- Several new innovations have made finalising documents simpler too. In the Office 2007 and 2010 editions, also on the Review tab, you’ll find the Protect Document button. When you’re sure you don’t want any more changes to your document, hit this button to find protection options which will prevent other users from making further changes. Even more powerfully, the Document Inspector allows you to automatically remove all tracking information to ensure that when your document is received by email, no extra unwanted bits and pieces are included (thousands of people have discovered to their cost that comments like “shouldn’t we be charging these wallies a bit more?” ended up visible in change tracking, even though they had been removed from the original document). To run the Document Inspector, in Office 2010 select File > Info > Prepare for Sharing > Inspect Document. In Office 2007, select the Office Button, then Prepare > Inspect Document.
A beautiful view
The one challenge with change-tracking is that it doesn’t take long for a document to fill up with layer upon layer of changes. Word therefore comes equipped with enormous flexibility to put the information you need in front of you, whilst hiding less important stuff for later. Here are some of the options.
- You can view a fully tracked document, a document without the tracking data, or indeed the original prior to changes being made. On the Review tab, select the arrow next to Final Showing Markup and make a selection as you wish.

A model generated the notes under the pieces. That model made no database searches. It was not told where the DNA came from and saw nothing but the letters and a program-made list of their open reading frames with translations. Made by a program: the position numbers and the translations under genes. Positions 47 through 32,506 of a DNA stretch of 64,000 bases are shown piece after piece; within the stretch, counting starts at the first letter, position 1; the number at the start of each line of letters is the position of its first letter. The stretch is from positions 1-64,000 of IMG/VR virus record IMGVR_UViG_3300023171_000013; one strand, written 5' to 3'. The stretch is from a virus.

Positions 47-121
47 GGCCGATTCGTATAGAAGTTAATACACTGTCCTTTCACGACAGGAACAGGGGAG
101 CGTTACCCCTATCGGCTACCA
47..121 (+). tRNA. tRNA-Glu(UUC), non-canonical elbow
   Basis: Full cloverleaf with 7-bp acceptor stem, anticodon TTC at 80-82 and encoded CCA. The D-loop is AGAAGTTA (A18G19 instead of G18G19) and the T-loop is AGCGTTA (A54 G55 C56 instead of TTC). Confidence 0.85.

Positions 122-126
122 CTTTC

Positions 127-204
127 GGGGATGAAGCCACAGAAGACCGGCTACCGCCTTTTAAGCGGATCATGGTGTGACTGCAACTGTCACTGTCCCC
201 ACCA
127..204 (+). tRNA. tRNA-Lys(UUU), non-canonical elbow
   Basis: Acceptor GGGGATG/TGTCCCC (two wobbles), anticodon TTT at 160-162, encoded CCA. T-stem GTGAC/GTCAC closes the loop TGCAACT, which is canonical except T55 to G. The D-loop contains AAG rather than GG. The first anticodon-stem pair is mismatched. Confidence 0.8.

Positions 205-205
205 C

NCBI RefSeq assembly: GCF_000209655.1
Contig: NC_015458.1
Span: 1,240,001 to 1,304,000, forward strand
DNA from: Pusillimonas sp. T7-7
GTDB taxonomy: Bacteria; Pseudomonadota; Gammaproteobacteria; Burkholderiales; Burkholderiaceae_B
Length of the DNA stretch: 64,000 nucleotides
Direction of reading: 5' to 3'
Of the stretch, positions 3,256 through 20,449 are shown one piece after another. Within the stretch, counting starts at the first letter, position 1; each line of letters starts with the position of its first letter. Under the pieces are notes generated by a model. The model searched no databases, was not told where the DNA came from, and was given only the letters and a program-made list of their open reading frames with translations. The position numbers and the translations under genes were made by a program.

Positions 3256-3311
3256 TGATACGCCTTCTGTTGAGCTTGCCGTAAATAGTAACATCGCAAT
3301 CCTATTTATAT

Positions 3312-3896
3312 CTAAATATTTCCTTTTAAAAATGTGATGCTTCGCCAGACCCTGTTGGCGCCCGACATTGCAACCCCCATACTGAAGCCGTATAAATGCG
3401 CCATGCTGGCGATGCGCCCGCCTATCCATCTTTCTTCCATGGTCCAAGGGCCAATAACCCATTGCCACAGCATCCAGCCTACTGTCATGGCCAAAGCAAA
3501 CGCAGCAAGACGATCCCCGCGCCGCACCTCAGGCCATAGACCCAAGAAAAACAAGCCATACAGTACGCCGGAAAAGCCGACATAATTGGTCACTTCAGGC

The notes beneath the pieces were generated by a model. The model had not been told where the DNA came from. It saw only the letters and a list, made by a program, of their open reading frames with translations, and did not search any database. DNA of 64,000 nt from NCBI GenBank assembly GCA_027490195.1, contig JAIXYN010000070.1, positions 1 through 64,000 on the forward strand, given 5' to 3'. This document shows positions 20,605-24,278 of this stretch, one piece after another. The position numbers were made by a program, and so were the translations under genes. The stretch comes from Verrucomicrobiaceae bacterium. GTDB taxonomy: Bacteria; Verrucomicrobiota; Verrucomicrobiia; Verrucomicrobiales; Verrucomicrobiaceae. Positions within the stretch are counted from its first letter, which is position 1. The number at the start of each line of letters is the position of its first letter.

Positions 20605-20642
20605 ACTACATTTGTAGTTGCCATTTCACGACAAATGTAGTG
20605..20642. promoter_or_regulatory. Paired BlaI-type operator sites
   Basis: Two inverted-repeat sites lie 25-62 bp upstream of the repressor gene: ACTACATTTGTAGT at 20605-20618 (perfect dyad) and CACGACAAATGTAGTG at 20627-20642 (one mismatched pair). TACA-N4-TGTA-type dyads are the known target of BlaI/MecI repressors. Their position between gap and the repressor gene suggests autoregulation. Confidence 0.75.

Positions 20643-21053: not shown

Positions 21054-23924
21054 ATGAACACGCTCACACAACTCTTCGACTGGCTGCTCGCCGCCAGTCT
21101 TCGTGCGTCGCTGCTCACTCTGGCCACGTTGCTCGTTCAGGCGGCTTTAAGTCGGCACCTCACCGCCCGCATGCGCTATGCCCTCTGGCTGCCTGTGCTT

- To be even more selective, you can choose which types of changes to view. Select the arrow next to Show Markup and pick checkboxes for the types of changes you want denoted on screen. This is ideal, for example, for only showing material text amendments, whilst saving formatting and graphical changes for later in the editing process.
- By default, formatting changes and comments appear in cute balloons at the side of your text; whilst changes to content appear inline with your text (indeed, this is easiest on most eyes). You can amend this with the Balloons button.
- Finally, you can get a categorised summary of changes by hitting the Reviewing Pane button- this is particularly useful when the number of changes becomes unmanageably large for viewing inline in the document.
One of the most interesting aspects of tracking changes is that it accounts for many people making changes to a single document, without making it impossible to see who has done what. For starters, the contributors to a document are always colour-coded; so changes by one user will show in red; whilst changes by another will appear in blue, and so on. Furthermore, changes can be tagged with your name or initials. To change these, on the Review tab, select the arrow below Track Changes and then Change User Name. Enter new information in the User Name or Initials boxes. These will then become the identifiers which mark your contributions to a document.
You can also review, accept and reject only the changes made by a specific reviewer. To achieve this, from the Review tab, select the arrow next to Show Markup and then Reviewers, and then check the one or more reviewers whose changes you would like to see.
Under the magnifying glass...
In Word, you can also:
- Compare two versions of documents to highlight differences
- Alter the way changes are displayed (for example, the colour used, or the legal-style blacklines in the margins)
- Print balloons and other tracking markup so you can edit hard copy with a good old-fashioned highlighter pen.
The target exposed
Find out more: